VoIP Business Phone Systems: Part 1 of 2 - The Basics

    [fa icon="clock-o"] 3/04/2016 [fa icon="user"] TVG Consulting Team [fa icon="folder-open'] VoIP & Phone Systems

    voip-phone-systemsThis is part one of VoIP Business Phone Systems, and will be followed by Part 2 of 2 - Making the Decision.

    When you work in the tech biz, it's easy to forget that sometimes, people don't understand what you're selling well enough to feel comfortable deciding to buy your product. VoIP (Voice over Internet Protocol) phone systems are one of those products.

     A number of people pronounce the first two words of the acronym, calling it "Voice Over IP," and many just pronounce the letters individually "Vee-Oh-Eye-Pea," and many just pronounce the acronym as Voyp (which is pronounced like in voice or void).

    How VoIP Phone Systems Differ from a Business Multi-Line

    There are quite a few differences in ordinary  business multi-line, or PBX (private branch exchange) phone systems and VoIP phone systems. And a lot of the world continues to operate on POTS, or Plain Old Telephone Systems, proving that acronym-creators do have a sense of humor. 

    Most non-tech-oriented humans have been aware of VoIP in a peripheral sense since the first viable consumer VoIP company incorporated in the early part of the century. Saying it was early in the game to roll it out underestimates the troubles many early adopters of home VoIP setups had at the outset. Many found there were major issues with it if they were using the Internet while they were on their VoIP phone, or if their Internet connection was iffy to begin with.  

    VoIP is a mature technology now, and business VoIP is a horse of a completely different color than consumer equipment. A big difference being that business systems separate the streams of information so VoIP and non-voice Internet connections are insulated from each other.

    Regular Internet connections send information in digital packets of ones and zeros. VoIP essentially works by taking the voice signals and converting them into those same digital packets.  When receiving incoming voice calls, the same process occurs in reverse.

    The driver behind both home and business uptake of the technology was the expense of toll calls, and you may well be familiar with some of the free applications of VoIP, such as Skype or FaceTime. Most established businesses now already absorb the expense of connection with the Internet, and disconnecting from the high cost of business telephone systems is an extremely attractive option.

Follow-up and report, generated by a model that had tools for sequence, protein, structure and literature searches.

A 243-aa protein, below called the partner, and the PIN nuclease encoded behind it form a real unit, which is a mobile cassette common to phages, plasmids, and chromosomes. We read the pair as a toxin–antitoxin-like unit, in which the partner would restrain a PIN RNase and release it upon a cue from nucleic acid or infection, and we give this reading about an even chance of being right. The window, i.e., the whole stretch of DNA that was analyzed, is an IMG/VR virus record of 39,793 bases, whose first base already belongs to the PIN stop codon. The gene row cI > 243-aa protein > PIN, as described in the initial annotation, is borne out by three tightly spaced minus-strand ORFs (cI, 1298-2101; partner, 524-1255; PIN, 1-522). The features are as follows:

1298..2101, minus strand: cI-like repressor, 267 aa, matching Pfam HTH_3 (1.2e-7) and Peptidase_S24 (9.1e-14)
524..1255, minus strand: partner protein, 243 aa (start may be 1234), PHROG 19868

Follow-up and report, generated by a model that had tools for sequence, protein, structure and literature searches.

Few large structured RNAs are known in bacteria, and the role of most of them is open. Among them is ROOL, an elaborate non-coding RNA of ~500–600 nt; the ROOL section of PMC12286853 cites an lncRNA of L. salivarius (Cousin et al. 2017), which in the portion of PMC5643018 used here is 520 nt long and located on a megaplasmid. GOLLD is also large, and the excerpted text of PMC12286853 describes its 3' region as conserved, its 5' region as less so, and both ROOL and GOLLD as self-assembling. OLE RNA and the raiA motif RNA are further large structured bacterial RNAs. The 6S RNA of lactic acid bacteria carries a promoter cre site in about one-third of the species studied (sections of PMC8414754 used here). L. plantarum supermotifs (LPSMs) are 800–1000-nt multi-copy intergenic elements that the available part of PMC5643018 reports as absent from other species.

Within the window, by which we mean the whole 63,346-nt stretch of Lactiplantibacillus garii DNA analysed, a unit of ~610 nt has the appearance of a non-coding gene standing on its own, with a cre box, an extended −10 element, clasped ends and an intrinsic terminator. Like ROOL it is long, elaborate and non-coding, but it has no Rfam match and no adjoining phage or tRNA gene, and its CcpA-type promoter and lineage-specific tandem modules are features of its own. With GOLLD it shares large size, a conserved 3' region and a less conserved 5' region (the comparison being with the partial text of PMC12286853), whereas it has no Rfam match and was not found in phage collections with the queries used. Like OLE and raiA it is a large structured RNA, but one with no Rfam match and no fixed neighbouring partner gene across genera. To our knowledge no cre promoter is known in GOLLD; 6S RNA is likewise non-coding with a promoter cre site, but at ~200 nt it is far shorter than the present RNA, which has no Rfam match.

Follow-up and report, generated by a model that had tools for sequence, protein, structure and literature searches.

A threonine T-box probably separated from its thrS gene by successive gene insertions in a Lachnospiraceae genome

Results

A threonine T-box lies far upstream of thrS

Why More Businesses Switching to VoIP

    Many businesses are coming to this decision point now because they're new and interested in controlling their voip-phone-systemsfuture communication costs. Others have a system in place, but need to add lines, a significant cost in a traditional system, but not so much in a VoIP environment. Other, long-established businesses simply have a system that is no longer accommodating their needs. Allworx VoIP systems, which TVG Consulting specializes in, can even support the older POTS lines. 

    One of the attractions for businesses contemplating the switch is that older phone systems tether an employee to their desk, and end up simply not being used as mobile information streams predominate. AllWorx VoIP over mobile is now an option and successfully implemented across a number of industries.

    Satisfying the increasing push toward productivity gains through integrating communication streams, VoIP already works with such applications as click-to-call and voicemail to e-mail. There are a number of other options built into VoIP systems that truly enable a unified communications stream and are simply unavailable through traditional systems.

    Consumer-oriented and business-level VoIP enablement are completely different in a number of senses, and there are elements that businesses must consider that consumers usually don't. Security is a key consideration for businesses, and like all network operations, VoIP systems must be secured from outside depredations.  

    Home networks usually don't need a dedicated local area network created for a VoIP phone, while businesses do. Businesses also often have more than one site, and VoIP lends itself very well to multiple installations, increasing multi-site organizations' ability to communicate as one entity. 

    This is part one of VoIP Solutions, to be followed by Part 2 of 2 - Making the Decision.  

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